The Rat () is the first of the 12-year cycle of animals in the Chinese zodiac. The Year of the Rat is associated with the Earthly Branch (地支) symbol zhī (子). The first day, the Lunar New Year Day, of Year Gēng zi (庚子年) falls on Saturday 25 January 2020.

天干 (the Ten Heavenly Stems) :


地支 (the Twelve Earthly Branches) :



The Rat is the first of all zodiac animals. According to one myth, the Jade Emperor said the order would be decided by the order in which they arrived to his party. The Rat tricked the Ox into giving him a ride. Then, just as they arrived at the finish line, Rat jumped down and landed ahead of Ox, becoming first.

Recent years of the Rat are: 1924, 1936, 1948, 1960, 1972, 1984, 1996, 2008, 2020.

Chinese Zodiac years are based on the Chinese lunar calendar. Interested people born in January or February can check the date of the Chinese New Year to confirm their birth sign, for example at the following site:

In Chinese culture, rats were seen as a sign of wealth and surplus. They can eat anything and they are highly adaptive to all environment.

The squirrel (松鼠 sōng shǔ) uses the same character in Chinese, confirming the Western name for a squirrel ‘tree rat’ and has the same symbolism. Rats and squirrels are often shown with trailing plants such as vines to give the wish for generations of children.

Characteristic of people born in the Year of the Rat

According to Chinese folklore, most people born in the Chinese zodiac sign of the Rat are clever, ambitious, having broad interests and strong ability in adapting to the environment. They are also able to react quickly to any changes. They are creative and great at taking advantage of opportunities.  They are content with living a quiet and peaceful life.

This is just a folklore with no scientific evidence. Please do not take this seriously. I have taught in high schools for many years. Students in the same class are of similar age and many students are likely to fall under the same Chinese zodiac.  However, their characters can be very different.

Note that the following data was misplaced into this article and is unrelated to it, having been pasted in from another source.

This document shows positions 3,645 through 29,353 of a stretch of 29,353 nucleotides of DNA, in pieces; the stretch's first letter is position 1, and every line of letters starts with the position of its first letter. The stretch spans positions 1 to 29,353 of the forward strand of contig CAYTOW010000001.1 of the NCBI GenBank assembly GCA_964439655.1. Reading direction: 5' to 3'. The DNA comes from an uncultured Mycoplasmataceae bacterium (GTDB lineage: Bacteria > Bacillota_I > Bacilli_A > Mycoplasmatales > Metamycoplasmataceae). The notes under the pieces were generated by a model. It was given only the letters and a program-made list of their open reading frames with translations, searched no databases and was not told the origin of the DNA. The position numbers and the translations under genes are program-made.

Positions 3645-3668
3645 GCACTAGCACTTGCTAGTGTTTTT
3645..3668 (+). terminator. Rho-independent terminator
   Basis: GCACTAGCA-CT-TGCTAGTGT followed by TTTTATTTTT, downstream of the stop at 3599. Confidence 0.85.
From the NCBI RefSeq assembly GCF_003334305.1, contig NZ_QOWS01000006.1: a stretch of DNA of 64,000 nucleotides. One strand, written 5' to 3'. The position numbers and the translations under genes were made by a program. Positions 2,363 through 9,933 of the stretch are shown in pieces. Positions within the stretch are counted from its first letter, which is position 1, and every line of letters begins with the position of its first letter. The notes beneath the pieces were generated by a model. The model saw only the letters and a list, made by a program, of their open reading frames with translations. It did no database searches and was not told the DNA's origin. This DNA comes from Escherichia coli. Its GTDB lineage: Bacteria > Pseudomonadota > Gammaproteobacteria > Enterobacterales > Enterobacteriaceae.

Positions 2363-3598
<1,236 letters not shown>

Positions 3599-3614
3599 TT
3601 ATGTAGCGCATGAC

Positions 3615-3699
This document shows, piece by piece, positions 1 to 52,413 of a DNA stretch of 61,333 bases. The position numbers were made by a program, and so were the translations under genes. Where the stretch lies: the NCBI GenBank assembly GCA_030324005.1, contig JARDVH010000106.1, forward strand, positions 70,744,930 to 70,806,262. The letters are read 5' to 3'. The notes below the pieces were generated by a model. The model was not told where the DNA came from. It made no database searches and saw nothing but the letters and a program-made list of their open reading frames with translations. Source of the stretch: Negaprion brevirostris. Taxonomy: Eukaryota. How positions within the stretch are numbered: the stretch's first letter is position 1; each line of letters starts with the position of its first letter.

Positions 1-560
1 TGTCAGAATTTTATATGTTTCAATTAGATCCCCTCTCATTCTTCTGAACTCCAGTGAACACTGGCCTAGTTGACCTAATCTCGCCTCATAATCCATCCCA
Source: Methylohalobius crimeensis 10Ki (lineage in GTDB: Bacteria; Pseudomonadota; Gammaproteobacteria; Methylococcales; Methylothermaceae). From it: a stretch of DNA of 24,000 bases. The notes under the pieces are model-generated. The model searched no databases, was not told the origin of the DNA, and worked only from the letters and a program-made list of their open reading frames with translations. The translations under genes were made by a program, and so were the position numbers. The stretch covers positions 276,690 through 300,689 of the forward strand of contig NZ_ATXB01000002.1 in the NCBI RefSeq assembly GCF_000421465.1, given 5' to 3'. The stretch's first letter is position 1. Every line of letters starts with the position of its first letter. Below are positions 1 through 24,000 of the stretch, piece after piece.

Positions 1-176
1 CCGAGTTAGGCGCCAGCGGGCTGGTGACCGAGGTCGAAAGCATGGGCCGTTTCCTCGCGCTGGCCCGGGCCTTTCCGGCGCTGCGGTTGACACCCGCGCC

Ceramic of the Rats and Squirrels

Yuan Dynasty Grey Pottery and Colored Rat (元代 灰陶加彩鼠) Chinese University of Hong Kong (CUHK)
Azure glazed with flower pattern and double rat ears can (天青釉劃花卉紋雙鼠耳小罐) CUHK


Zodiac figurine of the Tang Dynasty, 700s , Rat 32 cm (h), earthenware (唐代陶鼠生肖俑)


Yixing Kiln, Qing Dynasty, Grapes and squirrels pen holder (清 宜興窯 萄葡松鼠筆筒) CUHK


Modern Yixing Kiln, Squirrel and Grape Teapot (松鼠葡萄壺) CUHK
Qianlong Period, Qing Dynasty Blue and White Squirrel and Grape Bowl (清 乾隆 青花松鼠葡萄紋大碗), CUHK


Qian Xuan (錢選)(1235-1305) Squirrels and plum branches (松鼠桃枝圖), CUHK


Su Wonong (蘇卧農)(1901-1975)1940 , Rats and Grapes Fan (老鼠葡萄扇面), CUHK


Qi Baishi (齊白石) (1864-1957) painted rats as cute and lovely animals. This is similar to the Micky Mouse, the mascot of the Walt Disney Company created in 1928.
Qi Baishi (齊白石)(1864-1957)  Two Rats and Oil Lamp
Qi Baishi (齊白石)(1864-1957) Three Rats and a Candle
Qi Baishi (齊白石)(1864-1957) Two Squirrels, a Pumpkin, Cherries and a Candle


Qi Baishi (齊白石)(1864-1957) Two Rats, Two Radishes and a Candle


Qi Baishi (齊白石)(1864-1957) Two Rats, Books, Peanuts and a Candle



I would like to thank Professor P Lam for his kind guidance and support throughout the years.



中国剪纸 Paper Cut in China 十二生肖 The twelve symbol animals 漢坤東方出品

Bjaaland Welch, Patricia (2008) Chinese Art- A guide to Motifs and Visual Imagery Tuttle Publishing ISBN: 978-08048-3864-1